Maybe you’ve been watching Emmanuel “Poobie” Chapman, III, too; especially back in March when the Enloe Magnet High School alum helped catapult the N.C. Central University Eagles to a historic, first-ever spot in the NCAA championship tournament – after winning the MEAC Championship.
I’ve been watching him, too, not because I know his mom, Jackie Davis, a Raleigh native and author featured here a while back. And it’s not because I’m an Eagle by birth and marriage, or because I can recite Chapman’s career statistics as a standout point guard at NCCU. I mean, my peers report he’s statistically sound on the basketball court and my friends say, “Poobie can ball!” I trust them on that.
I’ve been following something else; a personality and magnetism, a spirit that transcends basketball and reaches into the depths of leadership, and widespread impact that’s hard to ignore, or replicate.
Thing is, as NCCU Men’s Head Basketball Coach Levelle Moton said he told his recruiters who are out looking for someone to replace Chapman, who graduated earlier this month: “He wouldn’t be special if you could find another one. There are no replicas. You’re not going to find another Poobie Chapman.”
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I see it in television and social media clips surrounding the recent NCCU championships, and I felt it when I met Chapman for the first time last month when he returned to Washington Elementary School with other alumni to chat with current students about then and now.
Moton explains what he’s seen from Chapman, the son Davistookto Moton’s basketball camps and has attended every game since, while working two jobs. Chapman’s father, Emmanuel “Poobie” Chapman, Jr., was himself a starting point guard at St. Augustine’s University.
“To this day, the kid sleeps with a basketball and he will carry a basketball with him everywhere he goes – and that’s no exaggeration,” said Moton, also an Enloe alumnus, who is in his sixth season as head coach at NCCU, his alma mater.
“Yet, there is not a student athlete on any campus anywhere that has had more impact on their university than Poobie Chapman, from the lives he touched to the overall energy of the university.
“He’s able to unite a campus. I haven’t seen that in this generation. He’s an incredible kid,” Moton said.
At NCCU, Chapman had a distinguished career, leading in steals and assists. He broke the school’s record in assists with a career 410 and, by season’s end, racked up over 600.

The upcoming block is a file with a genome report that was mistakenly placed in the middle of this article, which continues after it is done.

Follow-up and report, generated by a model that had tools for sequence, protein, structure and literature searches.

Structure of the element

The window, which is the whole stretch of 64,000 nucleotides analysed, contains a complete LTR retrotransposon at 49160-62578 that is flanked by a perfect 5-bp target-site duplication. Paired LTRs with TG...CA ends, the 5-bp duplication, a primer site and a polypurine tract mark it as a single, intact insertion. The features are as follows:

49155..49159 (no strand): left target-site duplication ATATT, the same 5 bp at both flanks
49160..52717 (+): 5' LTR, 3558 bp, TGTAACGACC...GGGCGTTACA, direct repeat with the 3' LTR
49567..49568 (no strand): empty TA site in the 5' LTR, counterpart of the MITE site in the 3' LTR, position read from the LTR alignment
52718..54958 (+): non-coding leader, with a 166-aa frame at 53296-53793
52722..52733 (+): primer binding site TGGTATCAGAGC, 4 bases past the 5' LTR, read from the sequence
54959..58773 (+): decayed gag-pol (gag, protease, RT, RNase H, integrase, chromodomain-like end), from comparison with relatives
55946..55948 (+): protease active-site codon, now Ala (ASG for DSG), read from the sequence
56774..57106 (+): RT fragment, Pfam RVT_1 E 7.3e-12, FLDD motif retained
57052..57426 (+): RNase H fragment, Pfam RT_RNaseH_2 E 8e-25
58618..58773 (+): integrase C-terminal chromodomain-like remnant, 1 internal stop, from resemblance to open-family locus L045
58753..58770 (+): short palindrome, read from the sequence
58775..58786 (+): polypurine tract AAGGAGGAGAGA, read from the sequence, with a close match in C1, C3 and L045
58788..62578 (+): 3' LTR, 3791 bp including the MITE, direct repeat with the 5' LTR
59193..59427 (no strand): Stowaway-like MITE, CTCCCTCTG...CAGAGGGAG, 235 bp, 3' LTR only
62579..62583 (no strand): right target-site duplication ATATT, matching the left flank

Chapman, whose quarter-sleeve of tattoos reminds us home is where his heart is, already has signed with an agent and is likely headed to play overseas.
“Right now, it’s all about finding the best fit for my game, and what’s best for me financially and culturally,” Chapman said, acknowledging Enloe’s “melting pot” helped him appreciate different cultures.
At Enloe, Chapman became known as one of the most dynamic point guards in the Triangle, amassing MVP, All-Star and Player of the year titles on conference, state and district levels throughout his senior season.
Progression is what it took. With each team, from Ligon Middle School to NCCU, Chapman recognized the importance of team-building to the height of success he experienced only in the last year of middle and high school, and college. “Everything to me is about transition. It’s about progress.”Chapman said. “It’s about progress and, through it all, it’s all about building a bond.”
The same was Chapman’s goal while he played off-seasons with three AAU teams with teammates and opponents now listed on ACC and the NBA rosters, including the Washington Wizards’ John Wall, the L.A. Lakers’ Ryan Kelley, and the Clippers’ Reggie Bullock. He also played with the University of Maryland’s Demine Wells.
“It’s his spirit; he puts his heart into everything he does,” said Wells, Chapman’s friend since both were toddlers. “He’s a good guy. You can always go to him and talk about anything and you know you’re going to get a genuine answer – and he’s fun to be around.”
The friends met on the court for the first time, though, in this year’s NCAA tournament. “We talked a lot of trash,” said Wells, 22, who is starting his senior year. “It was fun.”
Applauding Chapman’s academic accomplishments at NCCU, Chancellor Debra Saunders-White - who Chapman affectionately calls “Chance” – also applauds Chapman’s undeniable presence on campus, his poise in front of television cameras and his importance to the Eagles’ success.
“Emmanuel is full of energy and a delightful person to engage in conversation,” she said. “He’s obviously a leader on the court, but with his bigger-than-life persona exhibited off the court, this young man personifies the word leadership, and he’s just a pure gentleman.”